Mystify: Michael Hutchence
What a beautiful man Michael Hutchence was. Not just physically, he had a beautiful soul, too. He wasn’t a voice of a generation – well, maybe he was in Australia – but if you came up in the late ‘80s and listened to pop music, he sang a lot of songs that were in high rotation. INXS was never my favorite group, but they were often one of my 5-10 favorites, and I owned a surprising number of their albums.
I figured this would be a downer since he died by hanging himself. But I was not prepared for how brutal the last half hour would be. I did not know he had a traumatic brain injury he kept secret for the last six years of his life that pretty much turned him into a completely different person, which led to some serious substance abuse issues. I forgot how he got involved with Bob Geldof’s ex-wife, and how one of his final acts before he killed himself was begging Geldof to allow her to bring their kids to Australia to be with Hutchence.
The Last Dance brought about a wave of nostalgia and good feelings, reminding us of the greatness of Michael Jordan and making us appreciate his pathological need to win.
This…man, totally different feeling. I needed a shower after watching it.
If you’ve been with me since the early days of the blog you know Lance was one of the biggest topics I wrote about in its first few years. And I’ve grappled with how I feel about Lance on here several times since his disgraceful admissions.
So I don’t know what I was expecting from this. I’m pretty sure I didn’t expect to feel as dirty as I did. I think I was hoping Lance of 2020 was a man who had made amends and adjustments and while perhaps not worthy of admiration, deserving of some forgiveness.
Nope. He still comes across as an absolute ass, only making statements of regret because he thinks that is what is expected of him and will allow him to get the attention he craves. There is zero sincerity or remorse in anything he says. The one moment he appears to crack a little, in the closing minutes of episode two when he speaks of Jan Ullrich, he turns that moment and makes it about himself.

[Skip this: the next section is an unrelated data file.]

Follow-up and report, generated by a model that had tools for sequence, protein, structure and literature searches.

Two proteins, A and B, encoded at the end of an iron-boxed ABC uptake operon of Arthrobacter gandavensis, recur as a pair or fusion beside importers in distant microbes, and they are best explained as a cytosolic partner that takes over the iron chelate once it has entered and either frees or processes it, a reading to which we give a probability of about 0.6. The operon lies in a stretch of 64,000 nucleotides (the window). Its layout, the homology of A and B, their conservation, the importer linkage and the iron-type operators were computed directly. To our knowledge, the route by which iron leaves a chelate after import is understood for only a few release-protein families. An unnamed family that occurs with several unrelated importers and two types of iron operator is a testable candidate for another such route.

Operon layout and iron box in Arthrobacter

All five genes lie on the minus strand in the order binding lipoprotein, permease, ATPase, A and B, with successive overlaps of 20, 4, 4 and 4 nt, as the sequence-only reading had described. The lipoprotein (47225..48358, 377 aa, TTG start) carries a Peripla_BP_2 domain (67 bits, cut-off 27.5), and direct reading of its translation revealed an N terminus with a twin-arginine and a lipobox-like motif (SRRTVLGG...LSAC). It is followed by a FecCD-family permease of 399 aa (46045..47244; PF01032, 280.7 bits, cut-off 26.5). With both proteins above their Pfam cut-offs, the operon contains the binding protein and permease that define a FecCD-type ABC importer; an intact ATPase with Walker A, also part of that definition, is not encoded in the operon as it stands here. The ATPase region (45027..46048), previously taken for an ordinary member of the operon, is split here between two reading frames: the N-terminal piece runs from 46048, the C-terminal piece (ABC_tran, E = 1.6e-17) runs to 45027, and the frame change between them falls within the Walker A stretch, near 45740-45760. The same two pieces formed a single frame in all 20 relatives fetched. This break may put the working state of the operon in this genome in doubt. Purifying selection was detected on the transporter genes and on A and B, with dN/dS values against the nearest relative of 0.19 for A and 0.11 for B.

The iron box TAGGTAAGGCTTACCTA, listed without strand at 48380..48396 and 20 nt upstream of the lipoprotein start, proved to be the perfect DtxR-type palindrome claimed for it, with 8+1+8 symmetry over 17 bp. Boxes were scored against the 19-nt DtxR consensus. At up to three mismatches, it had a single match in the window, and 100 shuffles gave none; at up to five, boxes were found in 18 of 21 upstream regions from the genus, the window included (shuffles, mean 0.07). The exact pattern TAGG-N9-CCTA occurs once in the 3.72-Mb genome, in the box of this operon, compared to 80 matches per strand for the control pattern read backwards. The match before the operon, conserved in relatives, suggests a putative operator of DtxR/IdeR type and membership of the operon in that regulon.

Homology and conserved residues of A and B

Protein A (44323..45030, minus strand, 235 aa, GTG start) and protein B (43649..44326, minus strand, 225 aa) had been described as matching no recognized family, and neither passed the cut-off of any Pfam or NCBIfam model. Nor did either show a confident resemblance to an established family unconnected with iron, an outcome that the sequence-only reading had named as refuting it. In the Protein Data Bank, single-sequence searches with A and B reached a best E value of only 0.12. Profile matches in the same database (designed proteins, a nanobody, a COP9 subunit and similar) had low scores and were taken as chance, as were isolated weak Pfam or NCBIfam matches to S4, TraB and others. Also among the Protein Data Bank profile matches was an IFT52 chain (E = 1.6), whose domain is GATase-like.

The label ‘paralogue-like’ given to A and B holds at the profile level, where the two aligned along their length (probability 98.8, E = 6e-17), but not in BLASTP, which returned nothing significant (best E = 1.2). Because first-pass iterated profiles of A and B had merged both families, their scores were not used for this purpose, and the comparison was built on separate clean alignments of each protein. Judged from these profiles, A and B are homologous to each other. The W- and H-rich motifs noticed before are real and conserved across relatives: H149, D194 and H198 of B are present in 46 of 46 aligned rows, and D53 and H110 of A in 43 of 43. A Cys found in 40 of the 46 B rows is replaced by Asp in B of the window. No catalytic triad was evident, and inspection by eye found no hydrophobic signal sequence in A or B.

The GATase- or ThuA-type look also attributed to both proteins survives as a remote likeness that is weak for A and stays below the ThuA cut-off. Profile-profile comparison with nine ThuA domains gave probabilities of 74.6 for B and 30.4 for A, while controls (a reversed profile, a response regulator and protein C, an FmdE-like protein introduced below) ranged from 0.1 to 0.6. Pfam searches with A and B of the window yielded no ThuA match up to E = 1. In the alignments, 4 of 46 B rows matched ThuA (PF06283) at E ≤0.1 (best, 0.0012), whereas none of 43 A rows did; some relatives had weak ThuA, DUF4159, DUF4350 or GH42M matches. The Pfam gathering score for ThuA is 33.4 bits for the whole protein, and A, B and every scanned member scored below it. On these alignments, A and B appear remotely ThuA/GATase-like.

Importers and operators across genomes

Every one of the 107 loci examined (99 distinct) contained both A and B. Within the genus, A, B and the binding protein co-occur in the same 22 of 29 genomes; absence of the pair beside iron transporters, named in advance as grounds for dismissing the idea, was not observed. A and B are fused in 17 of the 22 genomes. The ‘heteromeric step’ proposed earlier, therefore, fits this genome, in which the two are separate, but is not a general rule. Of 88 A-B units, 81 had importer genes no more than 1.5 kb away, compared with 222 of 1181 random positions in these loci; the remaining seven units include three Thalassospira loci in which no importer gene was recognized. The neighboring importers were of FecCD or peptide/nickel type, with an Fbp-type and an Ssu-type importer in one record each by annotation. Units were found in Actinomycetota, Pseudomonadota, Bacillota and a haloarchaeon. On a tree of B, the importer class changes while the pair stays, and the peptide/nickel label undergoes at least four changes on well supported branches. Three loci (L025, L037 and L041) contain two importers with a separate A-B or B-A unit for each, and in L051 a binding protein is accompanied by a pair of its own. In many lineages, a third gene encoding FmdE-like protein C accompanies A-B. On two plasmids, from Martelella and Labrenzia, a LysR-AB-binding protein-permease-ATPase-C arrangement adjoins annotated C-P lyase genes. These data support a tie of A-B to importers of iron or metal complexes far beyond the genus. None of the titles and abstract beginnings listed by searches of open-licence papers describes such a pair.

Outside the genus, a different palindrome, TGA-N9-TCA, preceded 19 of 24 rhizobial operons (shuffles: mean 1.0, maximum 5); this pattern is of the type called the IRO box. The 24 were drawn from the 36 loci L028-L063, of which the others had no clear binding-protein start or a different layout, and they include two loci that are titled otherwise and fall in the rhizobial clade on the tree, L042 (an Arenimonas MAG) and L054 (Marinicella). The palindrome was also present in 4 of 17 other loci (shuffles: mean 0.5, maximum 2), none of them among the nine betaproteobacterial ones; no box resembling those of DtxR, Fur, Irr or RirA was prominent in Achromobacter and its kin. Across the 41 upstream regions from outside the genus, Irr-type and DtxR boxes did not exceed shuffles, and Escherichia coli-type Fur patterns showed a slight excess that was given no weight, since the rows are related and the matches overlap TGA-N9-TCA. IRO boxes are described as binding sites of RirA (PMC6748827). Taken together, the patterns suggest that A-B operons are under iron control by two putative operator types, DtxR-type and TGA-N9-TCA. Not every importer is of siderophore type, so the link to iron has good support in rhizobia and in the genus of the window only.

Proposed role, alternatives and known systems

Interesting and well done from a film-making perspective, but it is the final nail in the coffin of Lance’s public image.
A completely entertaining and fun two hours. I heard lots of people were put off by Daniel Craig’s accent. I loved it. I thought it had just enough ridiculousness in it to make it work.
I have my DVR set to record all the 30 for 30 episodes and this aired the week of the anniversary of Len Bias’ death. I assumed it was new. I got about 20 minutes and kept thinking it felt weird. The tone, the graphics, the music all seemed out-dated. During a commercial I checked and saw that there was a very good explanation for that: it was made in 2009.
A pretty good overview of the potential Len Bias showed, how his life ended, and the tragedies that continued to plague his family. A little too maudlin in tone for my tastes, though.
It is kind of crazy that of all the things that have been in the media over the last month about race relations in this country, this is the piece that moved me the most. It’s not a traditional Chappelle performance. Rather, it is an extended monologue in front of an audience in which Dave shares his thoughts on the George Floyd killing and its aftermath. The moments when he pours his anger out were the most affecting moments I saw in June.
So S watched this one night, which is pretty funny. She told L and I that we should watch it, and we did a few nights later. I think L really enjoyed it. I thought the story was a little uneven, and the visuals were not nearly as dazzling as the Marvel movies are.
But let’s get down to the biggest question about this movie. My generation grew up in Linda Carter as Wonder Woman. And late 1970s Lynda Carter was one of the most dazzlingly beautiful women ever. Tough shoes to fill. Gal Gadot did just fine. I recently heard a term that definitely applies to her: she is galactically hot. Plus she looked like a true badass where Carter was always kind of, I hate to say it, girly in her action scenes. Different times.